Creating and Using a CA Certificate


Even though there are plenty of options available for obtaining an SSL certificate, you may want to issue your certificates and check their validity using your own CA. This is useful for internal domains or doing mTLS for services in your networks.

Below is how to create a CA certificate and issue certs with it, and how to verify that a certificate was issued with the CA you generated.

All examples here use the OpenSSL command-line tool.

Creating the Certificate Authority Certificate and Keys

First generate the private key and Root CA certificate that we will use to issue certs.

  1. Generate a private key for the CA:
openssl genrsa 4096 > ca-key.pem
  1. Generate the X509 CA certificate. Note that if you exclude -subj you will get an interactive prompt instead:
openssl req -new -x509 -nodes -days 3650 -sha256 \
	-subj "/C=US/O=My Org, Inc./OU=R&D/CN=MyOrgCA" \
	-key ca-key.pem \
	-out ca-cert.pem

If you want to pass more options to -subj the following are the available attribute strings - from RFC4514 Page 6:

		String  X.500 AttributeType
		------  --------------------------------------------
		CN      commonName (
		L       localityName (
		ST      stateOrProvinceName (
		O       organizationName (
		OU      organizationalUnitName (
		C       countryName (
		STREET  streetAddress (
		DC      domainComponent (0.9.2342.19200300.100.1.25)
		UID     userId (0.9.2342.19200300.100.1.1)

At this point you can view the CA certificate in a pretty format:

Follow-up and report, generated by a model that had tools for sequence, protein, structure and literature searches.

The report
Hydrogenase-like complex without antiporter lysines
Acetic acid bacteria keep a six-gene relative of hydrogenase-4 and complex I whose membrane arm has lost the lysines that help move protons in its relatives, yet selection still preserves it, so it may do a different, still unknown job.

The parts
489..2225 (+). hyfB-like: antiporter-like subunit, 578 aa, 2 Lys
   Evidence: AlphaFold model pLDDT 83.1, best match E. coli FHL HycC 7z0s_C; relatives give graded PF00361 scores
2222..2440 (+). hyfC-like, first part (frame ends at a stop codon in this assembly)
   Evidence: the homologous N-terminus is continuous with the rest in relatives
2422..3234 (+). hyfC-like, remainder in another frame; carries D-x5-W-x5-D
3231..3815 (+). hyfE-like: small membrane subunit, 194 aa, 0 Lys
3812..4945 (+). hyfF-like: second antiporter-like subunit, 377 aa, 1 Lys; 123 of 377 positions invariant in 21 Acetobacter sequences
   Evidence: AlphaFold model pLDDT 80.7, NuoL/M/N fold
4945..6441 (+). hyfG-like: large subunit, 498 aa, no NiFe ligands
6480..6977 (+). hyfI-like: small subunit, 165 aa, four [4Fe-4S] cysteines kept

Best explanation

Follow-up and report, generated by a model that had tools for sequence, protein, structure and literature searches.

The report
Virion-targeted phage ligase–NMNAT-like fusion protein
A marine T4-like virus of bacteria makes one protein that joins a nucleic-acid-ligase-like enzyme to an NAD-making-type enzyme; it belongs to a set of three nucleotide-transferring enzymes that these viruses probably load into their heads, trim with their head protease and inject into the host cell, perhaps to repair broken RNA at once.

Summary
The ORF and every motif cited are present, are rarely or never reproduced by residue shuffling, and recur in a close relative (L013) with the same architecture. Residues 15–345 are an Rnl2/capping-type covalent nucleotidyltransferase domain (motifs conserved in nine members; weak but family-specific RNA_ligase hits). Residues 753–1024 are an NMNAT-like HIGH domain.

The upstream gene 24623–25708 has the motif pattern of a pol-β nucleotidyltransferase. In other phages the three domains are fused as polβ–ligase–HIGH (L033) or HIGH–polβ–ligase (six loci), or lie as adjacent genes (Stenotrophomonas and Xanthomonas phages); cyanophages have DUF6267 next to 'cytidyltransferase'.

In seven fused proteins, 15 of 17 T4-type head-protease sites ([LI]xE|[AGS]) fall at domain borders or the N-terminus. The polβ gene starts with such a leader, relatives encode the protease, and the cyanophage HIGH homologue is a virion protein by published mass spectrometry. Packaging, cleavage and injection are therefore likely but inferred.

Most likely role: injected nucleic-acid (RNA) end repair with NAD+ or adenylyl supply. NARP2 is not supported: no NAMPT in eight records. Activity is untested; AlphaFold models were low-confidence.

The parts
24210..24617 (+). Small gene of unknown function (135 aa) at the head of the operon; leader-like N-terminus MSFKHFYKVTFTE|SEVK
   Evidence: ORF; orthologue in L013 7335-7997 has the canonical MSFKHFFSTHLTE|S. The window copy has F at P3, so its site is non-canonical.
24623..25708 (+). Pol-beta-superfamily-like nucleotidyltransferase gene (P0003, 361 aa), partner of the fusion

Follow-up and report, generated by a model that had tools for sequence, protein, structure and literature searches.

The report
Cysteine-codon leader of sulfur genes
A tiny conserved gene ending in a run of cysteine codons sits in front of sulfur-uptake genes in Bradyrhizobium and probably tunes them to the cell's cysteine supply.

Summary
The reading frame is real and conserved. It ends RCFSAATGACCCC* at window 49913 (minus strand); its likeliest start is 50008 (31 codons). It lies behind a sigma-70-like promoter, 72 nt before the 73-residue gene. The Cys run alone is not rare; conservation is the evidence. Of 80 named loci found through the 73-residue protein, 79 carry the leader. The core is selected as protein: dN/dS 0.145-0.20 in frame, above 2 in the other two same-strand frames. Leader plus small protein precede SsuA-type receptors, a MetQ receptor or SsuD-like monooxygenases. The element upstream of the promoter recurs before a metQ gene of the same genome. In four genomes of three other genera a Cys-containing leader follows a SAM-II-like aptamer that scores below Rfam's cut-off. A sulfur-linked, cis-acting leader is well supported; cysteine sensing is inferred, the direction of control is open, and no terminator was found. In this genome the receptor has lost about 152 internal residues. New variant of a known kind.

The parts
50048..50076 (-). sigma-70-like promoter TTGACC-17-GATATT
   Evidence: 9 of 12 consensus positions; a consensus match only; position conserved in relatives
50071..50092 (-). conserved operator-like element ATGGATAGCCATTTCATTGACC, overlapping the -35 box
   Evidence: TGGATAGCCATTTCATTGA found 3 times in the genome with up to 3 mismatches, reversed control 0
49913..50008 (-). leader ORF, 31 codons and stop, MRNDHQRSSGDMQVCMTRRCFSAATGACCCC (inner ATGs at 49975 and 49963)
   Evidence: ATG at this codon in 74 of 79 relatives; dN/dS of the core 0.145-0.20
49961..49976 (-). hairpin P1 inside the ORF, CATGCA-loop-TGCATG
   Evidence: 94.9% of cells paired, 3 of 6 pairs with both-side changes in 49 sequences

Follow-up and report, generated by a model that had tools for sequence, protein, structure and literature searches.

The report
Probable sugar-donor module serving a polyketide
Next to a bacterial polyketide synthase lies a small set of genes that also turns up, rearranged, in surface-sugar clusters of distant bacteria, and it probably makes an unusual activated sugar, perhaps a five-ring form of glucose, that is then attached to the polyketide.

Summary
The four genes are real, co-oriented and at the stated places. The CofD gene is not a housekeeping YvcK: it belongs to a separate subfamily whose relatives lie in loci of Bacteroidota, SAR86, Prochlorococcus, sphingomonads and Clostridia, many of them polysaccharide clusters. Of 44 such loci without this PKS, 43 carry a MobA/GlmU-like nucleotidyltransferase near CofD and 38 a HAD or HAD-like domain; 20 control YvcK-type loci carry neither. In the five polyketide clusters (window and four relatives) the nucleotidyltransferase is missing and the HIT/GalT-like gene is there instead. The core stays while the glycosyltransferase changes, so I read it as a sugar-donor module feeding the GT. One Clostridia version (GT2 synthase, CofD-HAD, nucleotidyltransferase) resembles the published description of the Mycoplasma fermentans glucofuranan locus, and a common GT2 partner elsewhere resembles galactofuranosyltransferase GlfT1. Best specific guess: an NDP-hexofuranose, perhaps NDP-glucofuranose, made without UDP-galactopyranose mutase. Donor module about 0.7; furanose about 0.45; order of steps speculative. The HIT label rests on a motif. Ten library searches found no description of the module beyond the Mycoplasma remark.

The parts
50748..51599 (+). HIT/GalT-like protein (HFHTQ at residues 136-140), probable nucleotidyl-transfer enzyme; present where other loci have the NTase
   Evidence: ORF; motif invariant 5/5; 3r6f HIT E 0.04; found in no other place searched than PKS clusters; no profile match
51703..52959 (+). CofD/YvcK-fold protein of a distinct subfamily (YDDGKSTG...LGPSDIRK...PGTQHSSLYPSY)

$ openssl x509 -in -text -noout
        Version: 3 (0x2)
        Serial Number:
        Signature Algorithm: sha256WithRSAEncryption
        Issuer: C = US, O = "My Org, Inc.", OU = R&D, CN = MyOrgCA
            Not Before: Jan 29 02:06:59 2023 GMT
            Not After : Jan 26 02:06:59 2033 GMT
        Subject: C = US, O = "My Org, Inc.", OU = R&D, CN = MyOrgCA
        Subject Public Key Info:
            Public Key Algorithm: rsaEncryption
                Public-Key: (4096 bit)

Creating the Server’s Certificate and Keys

Now that we have our Root CA certificate we can issue certs for our servers to use. To do this you must first generate a certificate request, and then sign it with your Root CA cert to generate the final certificate.

  1. Generate the private key and certificate request:
openssl req -newkey rsa:4096 -nodes -sha256 \
	-subj "/CN=mysite.myorg.internal" \
	-keyout server-key.pem \
	-out server-req.pem

If you want to add Subject Alternative Names (SANs) to make your cert valid for multiple DNS names, you can use the encantation below:

openssl req -newkey rsa:4096 -nodes -days 3650 -sha256 \
	-subj "/" \
	-reqexts SAN \
	-config <(cat /etc/ssl/openssl.cnf <(printf "\n[SAN]\nsubjectAltName=DNS:site1.myorg.internal,DNS:site2.myorg.internal")) \
	-key server-key.pem \
	-out server-req.pem
  1. Generate the X509 certificate for the server:

When setting -days, the validity time can be no longer than 398 days (13 months) or you might see errors. This is for security reasons, read up on the history behind it here at global sign.

The flag -set_serial is like an ID number for each cert issued by your CA. It must be a positive integer and unique to each cert issued. Below I’m just using date +%s to get a unix timestamp for a simple serial number.

For further reading see RFC 5280.

openssl x509 -req -days 398 -set_serial $(date +%s) -sha256 \
	-in server-req.pem \
	-out server-cert.pem \
	-CA ca-cert.pem \
	-CAkey ca-key.pem

# Or once again, if you need to specify SANs
openssl x509 -req -days 398 -set_serial $(date +%s) -sha256 \
	-extfile <(printf "subjectAltName=DNS:site1.myorg.internal,DNS:site2.myorg.internal") \
	-in server-req.pem \
	-out server-cert.pem \
	-CA ca-cert.pem \
	-CAkey ca-key.pem

Verifying the Certificate

  1. To verify the server certificate:
$ openssl verify -CAfile ca-cert.pem server-cert.pem

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